Monday, May 24, 2010

Peter Frampton: Black Hole Sun

The start of a new week brings about Monday’s cover song and today’s recording comes from Peter Frampton’s 2006 Grammy winning “Best Instrumental Album”: “Fingerprints.” The cover is Soundgarden’s #1 hit from 1994, “Black Hole Sun.” The recording includes two members of Pearl Jam, drummer Matt Cameron and guitarist, Mike McCready. Cameron, as a member in Soundgarden, played on the original.

Live Version

To understand what Frampton et al are doing in this song, we need to see a live video. The first effect PF uses to get that sustaining synth sound is that gadget that looks like a small stapler. No ma, that’s no stapler – it’s an EBow – short for Energy Bow or Electric Bow. The EBow can create a variety of sounds from a small hand held, battery powered magnetic devise that interacts with the strings and pickups of an electric guitar.The EBow has been around since the 1970s. The latest model is called the Plus EBow (no joke) "plus-e-bow effect" (this is the joke).

The second effect almost mimics a voice, a talk box effect, or wah-wah pedal - it sounds like the effect Frampton used on "Show Me the Way," which by the way was a talk box. The live video shows that it is neither a talk box nor a wah-wah pedal. This particular effect is known by a couple of different names: an envelope filter or auto-wah.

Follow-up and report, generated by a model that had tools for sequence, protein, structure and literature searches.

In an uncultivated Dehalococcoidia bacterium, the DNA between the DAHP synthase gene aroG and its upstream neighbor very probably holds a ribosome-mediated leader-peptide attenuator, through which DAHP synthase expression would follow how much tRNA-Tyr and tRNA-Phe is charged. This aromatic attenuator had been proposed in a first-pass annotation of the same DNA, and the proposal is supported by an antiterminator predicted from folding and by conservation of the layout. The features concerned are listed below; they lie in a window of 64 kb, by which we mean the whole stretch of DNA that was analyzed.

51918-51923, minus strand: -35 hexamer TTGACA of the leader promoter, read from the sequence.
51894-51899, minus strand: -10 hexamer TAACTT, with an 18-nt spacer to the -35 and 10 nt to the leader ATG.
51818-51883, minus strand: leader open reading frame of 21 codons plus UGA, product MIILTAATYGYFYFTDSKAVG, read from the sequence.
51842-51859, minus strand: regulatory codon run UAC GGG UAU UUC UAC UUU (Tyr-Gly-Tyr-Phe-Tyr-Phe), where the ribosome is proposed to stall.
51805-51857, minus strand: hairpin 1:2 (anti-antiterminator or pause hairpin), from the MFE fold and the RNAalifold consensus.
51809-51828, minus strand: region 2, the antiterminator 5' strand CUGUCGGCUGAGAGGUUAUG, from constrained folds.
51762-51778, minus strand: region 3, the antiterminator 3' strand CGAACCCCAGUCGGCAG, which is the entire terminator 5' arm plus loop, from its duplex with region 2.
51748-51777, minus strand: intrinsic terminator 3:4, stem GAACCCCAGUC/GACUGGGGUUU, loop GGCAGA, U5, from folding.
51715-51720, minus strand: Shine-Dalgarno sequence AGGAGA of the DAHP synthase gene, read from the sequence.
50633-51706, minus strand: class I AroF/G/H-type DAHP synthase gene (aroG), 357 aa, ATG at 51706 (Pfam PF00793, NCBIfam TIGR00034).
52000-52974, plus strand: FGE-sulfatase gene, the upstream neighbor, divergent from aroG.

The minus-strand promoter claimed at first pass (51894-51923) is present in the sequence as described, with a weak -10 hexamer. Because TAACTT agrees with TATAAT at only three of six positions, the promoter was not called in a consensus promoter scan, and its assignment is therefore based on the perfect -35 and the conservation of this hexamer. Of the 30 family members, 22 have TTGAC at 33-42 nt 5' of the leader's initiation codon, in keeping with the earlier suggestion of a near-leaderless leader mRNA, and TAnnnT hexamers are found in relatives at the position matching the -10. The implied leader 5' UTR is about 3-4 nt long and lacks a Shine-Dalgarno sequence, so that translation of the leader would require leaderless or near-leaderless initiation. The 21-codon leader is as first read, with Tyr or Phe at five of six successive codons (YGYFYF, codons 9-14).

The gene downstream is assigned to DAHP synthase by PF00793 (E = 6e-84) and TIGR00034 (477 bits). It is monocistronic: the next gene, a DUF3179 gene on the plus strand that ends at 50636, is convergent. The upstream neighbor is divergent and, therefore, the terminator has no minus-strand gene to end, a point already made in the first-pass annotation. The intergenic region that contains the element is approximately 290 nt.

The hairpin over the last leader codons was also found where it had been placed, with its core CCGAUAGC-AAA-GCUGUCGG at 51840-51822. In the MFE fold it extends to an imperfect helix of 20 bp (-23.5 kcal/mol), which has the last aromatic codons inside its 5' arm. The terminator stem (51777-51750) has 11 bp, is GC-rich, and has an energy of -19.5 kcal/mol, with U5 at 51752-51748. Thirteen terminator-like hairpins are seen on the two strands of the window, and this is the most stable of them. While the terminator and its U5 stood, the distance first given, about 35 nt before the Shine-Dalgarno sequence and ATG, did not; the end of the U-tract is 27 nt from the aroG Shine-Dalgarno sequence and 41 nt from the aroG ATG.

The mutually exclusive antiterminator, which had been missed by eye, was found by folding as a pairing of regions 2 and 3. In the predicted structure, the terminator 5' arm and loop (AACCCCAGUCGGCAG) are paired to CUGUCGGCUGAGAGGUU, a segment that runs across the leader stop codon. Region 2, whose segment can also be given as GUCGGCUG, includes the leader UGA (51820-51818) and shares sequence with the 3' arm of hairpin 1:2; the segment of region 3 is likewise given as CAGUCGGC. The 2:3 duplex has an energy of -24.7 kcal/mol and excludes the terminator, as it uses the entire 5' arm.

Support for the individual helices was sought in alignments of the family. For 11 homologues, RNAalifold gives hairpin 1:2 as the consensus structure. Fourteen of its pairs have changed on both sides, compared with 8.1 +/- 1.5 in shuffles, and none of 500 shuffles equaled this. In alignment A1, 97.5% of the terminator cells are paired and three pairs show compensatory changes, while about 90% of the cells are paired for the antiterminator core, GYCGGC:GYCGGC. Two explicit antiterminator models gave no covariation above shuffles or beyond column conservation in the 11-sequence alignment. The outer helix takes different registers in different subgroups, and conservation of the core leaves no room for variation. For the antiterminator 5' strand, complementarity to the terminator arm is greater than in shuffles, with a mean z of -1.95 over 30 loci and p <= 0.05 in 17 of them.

Both terms refer to similar devices that accomplish the same thing - which is to basically provide an automated wah effect – that’s the short, non-technical explanation. It can be used (when the speed is adjusted) to create that wah-wah effect so commonly found on 70s soul and funk records - without wearing out your ankle in process. I used to have a wah-wah, but broke the dang thing using it in bands in the 80s.

On the rhythm guitar, the third effect may be a Leslie rotating speaker cabinet. Well, actually the cabinet doesn't rotate, but the speaker does.  This is class effect found on many Hammond organ tracks and George Harrison slide guitar parts. Soundgarden used a Leslie on their recording; however, a good chorus effect should be sufficient to sound like a Leslie and may be what is used here. A chorus, which can be held in your hand, is a lot smaller than a Leslie cabinet and less prone to electronic or mechanical failure - and much cheaper to replace.  

Besides using distortion and other standard guitar effects, Frampton utilizes his time honored effect – the infamous talk box to round out this instrumental recording.

Soundgarden’s Very Bizarre Original Video

From what I understand, the concept behind this video was solely the producer's; the band had little input into its direction – although it is reported that they were pleased with the final project. It is pretty interesting in a disturbing sort of way.

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